He handled the toughest of crises with self-deprecatory humour. His speeches in Parliament are some of the most memorable ever, appreciated across party lines. He had a way with even combative words that made him get away by saying things that would have sounded hurtful coming from a lesser leader. As a young MP, he mischievously told Nehru that his personality had both Churchill and Chamberlain in it. Nehru took it in his stride. In fact, he presciently introduced Vajpayee to a foreign dignitary as a “future prime minister”. Indian politics possessed a quality then of which Vajpayee was as much an exemplar as Nehru was.
His approach to contentious issues was that they be referred to the collective wisdom of people. He managed to disarm even the Kashmiri separatist leadership, as he voiced his desire for a solution under “Kashmiriyat, Insaniyat and Jamhuriyat”. After four years in power, and blowing hot and cold over Kashmir, even Prime Minister Narendra Modi was forced to acknowledge in his I-Day address that those three words enunciated by Vajpayee expressed the best solution.
Till date, Kashmir’s politicians say they saw the best chance for peace in Vajpayee’s days. They trusted his inclusivity, where that very tendency in others was often seen suspiciously. Many in the strategic circles also believe India had the best chance of reaching some kind of a peace agreement with Pakistan under Vajpayee. The countries did come close to it when Vajpayee invited Pervez Musharraf for a summit in Agra in July 2001. He would have liked to define his years in power with a grand gesture of peacemaking. However, on the verge of making history, Vajpayee preferred to show a streak of firmness and go with Advani’s hard bargaining—though doubt lingers over who was harder or softer. Vajpayee’s foreign policy had that dual quality. He could go ahead with nuclear tests, and then move swiftly to mend ties with a red-faced US, prompting a visit by Bill Clinton in 2000.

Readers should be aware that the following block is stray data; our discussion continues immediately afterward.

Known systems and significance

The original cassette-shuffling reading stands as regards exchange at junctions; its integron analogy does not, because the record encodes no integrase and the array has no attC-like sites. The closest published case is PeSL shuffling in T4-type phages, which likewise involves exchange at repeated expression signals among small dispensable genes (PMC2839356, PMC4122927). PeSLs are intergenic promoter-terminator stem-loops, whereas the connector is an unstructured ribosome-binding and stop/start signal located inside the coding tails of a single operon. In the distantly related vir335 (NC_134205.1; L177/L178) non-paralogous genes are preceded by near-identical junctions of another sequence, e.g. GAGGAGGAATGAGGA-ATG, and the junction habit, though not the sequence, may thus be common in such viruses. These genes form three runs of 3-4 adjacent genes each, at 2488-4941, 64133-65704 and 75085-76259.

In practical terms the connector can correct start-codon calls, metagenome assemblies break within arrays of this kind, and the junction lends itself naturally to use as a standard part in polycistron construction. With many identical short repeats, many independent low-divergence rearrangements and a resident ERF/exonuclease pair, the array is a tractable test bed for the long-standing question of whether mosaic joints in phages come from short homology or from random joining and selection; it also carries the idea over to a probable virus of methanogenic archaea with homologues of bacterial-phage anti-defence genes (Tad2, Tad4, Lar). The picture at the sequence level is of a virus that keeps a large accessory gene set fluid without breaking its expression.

Within the BJP, he was considered the moderate face—the “mukhota”—of a party closer in line to his polar opposite, hardliner Advani. This, though, had elements of a simulated conflict that both played in full awareness of the benefits in displaying this polarity in public. As PM, Vajpayee appointed Advani as his deputy PM and home minister, with almost complete charge of the domestic agenda. Advani has said the two shared a friendship that does not exist in politics anymore.
These signs of a self-secure leader showed even in the functional leeway he gave to his cabinet colleagues. Vajpayee favoured approval of FDI in print media. However, he gave time for debate to prepare the climate for the decision. He left the details to Sushma Swaraj and took the final decision at the right time. Fine talent filled his cabinet, and he never tried to loom over them.
He always conceded that the Ayodhya temple was a universal demand, but never made a real push for it, seeking a solution with the goodwill of all concerned. The human face of Hindu nationalism was, therefore, never a favourite of the RSS. He was not “Hindu enough” for the Sangh, who didn’t quite approve of his lifestyle too. But in retrospect, it would only be a cussed RSS strategist who would deny the role Vajpayee played in their coming centrestage—or in the wider affairs of the nation.